In the Time of the Butterflies Summary and Analysis
Part II - Chapter Six: Minerva, 1949
What do you want, Minerva Mirabal? Summer
Minerva has been living at home for a few years, and rumors are starting about her being a lesbian. She also realizes that something is amiss between Mama and Papa. She is bored and jealous of Elsa and Sinita, who are studying in the capital. Out on drives, she begins to notice her father's Ford always parked in front of the same campesino family home. Four girls run out to the road, and she sees that they have Mirabal eyes. She realizes that Enrique Mirabal is their father and that they are her half-sisters.
Since Lio went away, Minerva has been having headaches and bad asthma. One afternoon she goes into her father's armoire and goes through the pockets of his clothes. She finds four letters addressed to her from Lio, and she reads them. He refers to his proposal that she leave the country with him, which of course Minerva knows nothing about. Furious, she drives the Jeep over to the campesino house where she knows she will find her father's Ford. He comes out and asks her what she wants, but she just speeds away. When Papa gets home that night, he leads Minerva outside into the garden, where he slaps her. But when he says she owes him respect, she tells him he has lost it.
Minerva has also found an invitation to one of Trujillo's private parties in her father's coat pocket; it specifically mentions that Minerva should attend. Mama is scared for Minerva's safety, so she insists that Pedrito, Patria, Dede, and Jaimito go along, too. Before the party, Papa sends the Ford to the shop, so Minerva drives him to his medical appointments in San Francisco. One day, he means to stop by the house he has bought for his ex-mistress and his other children after the appointment, and Minerva insists she be allowed to go along to meet them. She even meets Carmen, their mother, with whom Papa says he is no longer involved.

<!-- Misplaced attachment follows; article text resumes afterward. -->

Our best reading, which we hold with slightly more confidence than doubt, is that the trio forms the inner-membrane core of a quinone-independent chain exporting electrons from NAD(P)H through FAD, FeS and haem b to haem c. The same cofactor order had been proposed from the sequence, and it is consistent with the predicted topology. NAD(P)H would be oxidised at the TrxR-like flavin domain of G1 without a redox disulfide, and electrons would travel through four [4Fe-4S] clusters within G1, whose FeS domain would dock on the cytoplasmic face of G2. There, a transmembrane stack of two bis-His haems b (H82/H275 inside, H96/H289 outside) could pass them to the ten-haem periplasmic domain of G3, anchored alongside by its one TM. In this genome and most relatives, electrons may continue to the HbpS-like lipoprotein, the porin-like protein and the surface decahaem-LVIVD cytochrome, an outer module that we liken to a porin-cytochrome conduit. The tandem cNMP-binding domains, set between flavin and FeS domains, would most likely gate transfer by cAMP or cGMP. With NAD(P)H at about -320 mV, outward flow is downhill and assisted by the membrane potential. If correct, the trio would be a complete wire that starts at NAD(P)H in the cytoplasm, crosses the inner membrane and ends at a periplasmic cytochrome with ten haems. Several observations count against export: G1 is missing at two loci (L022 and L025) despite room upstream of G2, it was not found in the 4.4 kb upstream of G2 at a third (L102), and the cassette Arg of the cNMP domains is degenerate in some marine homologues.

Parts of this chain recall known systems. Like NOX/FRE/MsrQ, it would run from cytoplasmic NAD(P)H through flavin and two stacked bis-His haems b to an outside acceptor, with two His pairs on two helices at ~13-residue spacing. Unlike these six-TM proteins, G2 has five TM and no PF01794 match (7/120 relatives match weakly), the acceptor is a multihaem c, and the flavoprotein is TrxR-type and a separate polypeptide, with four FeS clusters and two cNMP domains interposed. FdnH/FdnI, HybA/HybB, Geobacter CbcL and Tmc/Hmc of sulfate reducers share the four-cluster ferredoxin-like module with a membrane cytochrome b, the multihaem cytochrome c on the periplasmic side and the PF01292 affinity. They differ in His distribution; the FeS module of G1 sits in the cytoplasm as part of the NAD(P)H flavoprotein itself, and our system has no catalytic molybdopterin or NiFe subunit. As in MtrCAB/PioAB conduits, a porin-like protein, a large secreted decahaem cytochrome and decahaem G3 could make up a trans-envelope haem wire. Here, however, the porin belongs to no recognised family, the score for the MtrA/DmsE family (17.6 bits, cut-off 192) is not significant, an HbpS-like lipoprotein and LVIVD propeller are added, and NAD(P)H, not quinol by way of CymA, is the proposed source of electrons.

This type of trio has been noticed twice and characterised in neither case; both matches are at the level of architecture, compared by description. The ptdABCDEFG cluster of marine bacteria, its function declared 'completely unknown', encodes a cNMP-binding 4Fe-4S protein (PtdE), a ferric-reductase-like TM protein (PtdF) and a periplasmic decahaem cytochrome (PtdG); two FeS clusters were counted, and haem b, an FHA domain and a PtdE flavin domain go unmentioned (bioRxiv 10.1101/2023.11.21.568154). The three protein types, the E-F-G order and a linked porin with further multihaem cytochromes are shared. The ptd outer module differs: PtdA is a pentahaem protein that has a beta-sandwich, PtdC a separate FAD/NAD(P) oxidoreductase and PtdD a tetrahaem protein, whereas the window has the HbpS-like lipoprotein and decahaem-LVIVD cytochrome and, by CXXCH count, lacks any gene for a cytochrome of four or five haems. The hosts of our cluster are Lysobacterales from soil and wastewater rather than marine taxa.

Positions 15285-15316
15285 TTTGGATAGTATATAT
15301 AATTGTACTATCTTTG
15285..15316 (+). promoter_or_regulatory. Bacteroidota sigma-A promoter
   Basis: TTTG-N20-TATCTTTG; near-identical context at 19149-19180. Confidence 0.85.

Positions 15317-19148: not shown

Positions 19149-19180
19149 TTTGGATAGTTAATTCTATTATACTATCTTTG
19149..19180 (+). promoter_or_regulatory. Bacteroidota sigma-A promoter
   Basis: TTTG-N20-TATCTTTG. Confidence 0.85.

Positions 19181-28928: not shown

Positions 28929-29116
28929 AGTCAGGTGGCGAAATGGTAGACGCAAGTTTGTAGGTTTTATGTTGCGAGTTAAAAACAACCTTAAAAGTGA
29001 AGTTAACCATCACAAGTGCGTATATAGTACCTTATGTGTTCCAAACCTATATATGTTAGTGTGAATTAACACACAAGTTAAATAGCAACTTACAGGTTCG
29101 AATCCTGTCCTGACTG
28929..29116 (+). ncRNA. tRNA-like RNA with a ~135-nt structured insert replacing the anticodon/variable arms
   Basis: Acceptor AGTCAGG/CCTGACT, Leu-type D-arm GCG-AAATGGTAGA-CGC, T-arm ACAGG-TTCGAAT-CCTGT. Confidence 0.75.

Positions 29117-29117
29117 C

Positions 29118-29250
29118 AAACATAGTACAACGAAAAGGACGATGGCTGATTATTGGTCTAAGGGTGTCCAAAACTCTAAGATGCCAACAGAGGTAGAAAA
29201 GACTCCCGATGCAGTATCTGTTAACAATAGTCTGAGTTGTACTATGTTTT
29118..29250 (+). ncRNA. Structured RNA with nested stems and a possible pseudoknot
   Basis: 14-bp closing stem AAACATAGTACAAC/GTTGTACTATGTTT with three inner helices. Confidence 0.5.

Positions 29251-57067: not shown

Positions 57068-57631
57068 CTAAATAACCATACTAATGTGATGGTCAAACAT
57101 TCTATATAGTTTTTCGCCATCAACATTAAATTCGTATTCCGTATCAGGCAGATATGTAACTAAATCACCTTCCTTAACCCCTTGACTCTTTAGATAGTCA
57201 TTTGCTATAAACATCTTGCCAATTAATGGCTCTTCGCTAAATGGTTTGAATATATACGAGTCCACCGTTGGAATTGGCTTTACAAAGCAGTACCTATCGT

Discovery Day Dance, October 12
The family arrives at the party an hour late, having gotten lost. But Trujillo is late, too, as they learn from Manuel de Moya, his secretary of state. A table is reserved for the Mirabals, but Don Manuel tells Minerva she is going to sit with Trujillo. Finally El Jefe arrives, but he does not sit with Minerva; instead, she is entertained by Manuel de Moya. It is about to rain, but the tables are pushed back for dancing. When Don Manuel asks Minerva to dance, she says she has a headache and cannot. Patria brings her calmantes before Don Manuel returns with some for her as well. Finally, Minerva agrees to dance with him.
Soon, Trujillo becomes her partner. He flirts with her, and she tells him she wants to study in the capital to be a lawyer. But when he implies that he would like to "conquer" her, she says she is "not for conquest." He tells her the university is no place for women, mentioning the "communists and agitators," implying they have been caught. By mistake, Minerva blurts out, "Virgilio Morales?" She must backtrack and pretend she does not know Lio, and Trujillo believes her. When he pulls her inappropriately close, thrusting at her in a vulgar way, she slaps his face.
The rain begins immediately, and the party moves quickly inside. The Mirabals rush off, but Minerva forgets her purse. She and Patria cannot find it anywhere, and they assume that someone already brought it inside and that it will be mailed to them. But on the ride home, Minerva realizes that she has put the letters from Lio in the pocket of the lining.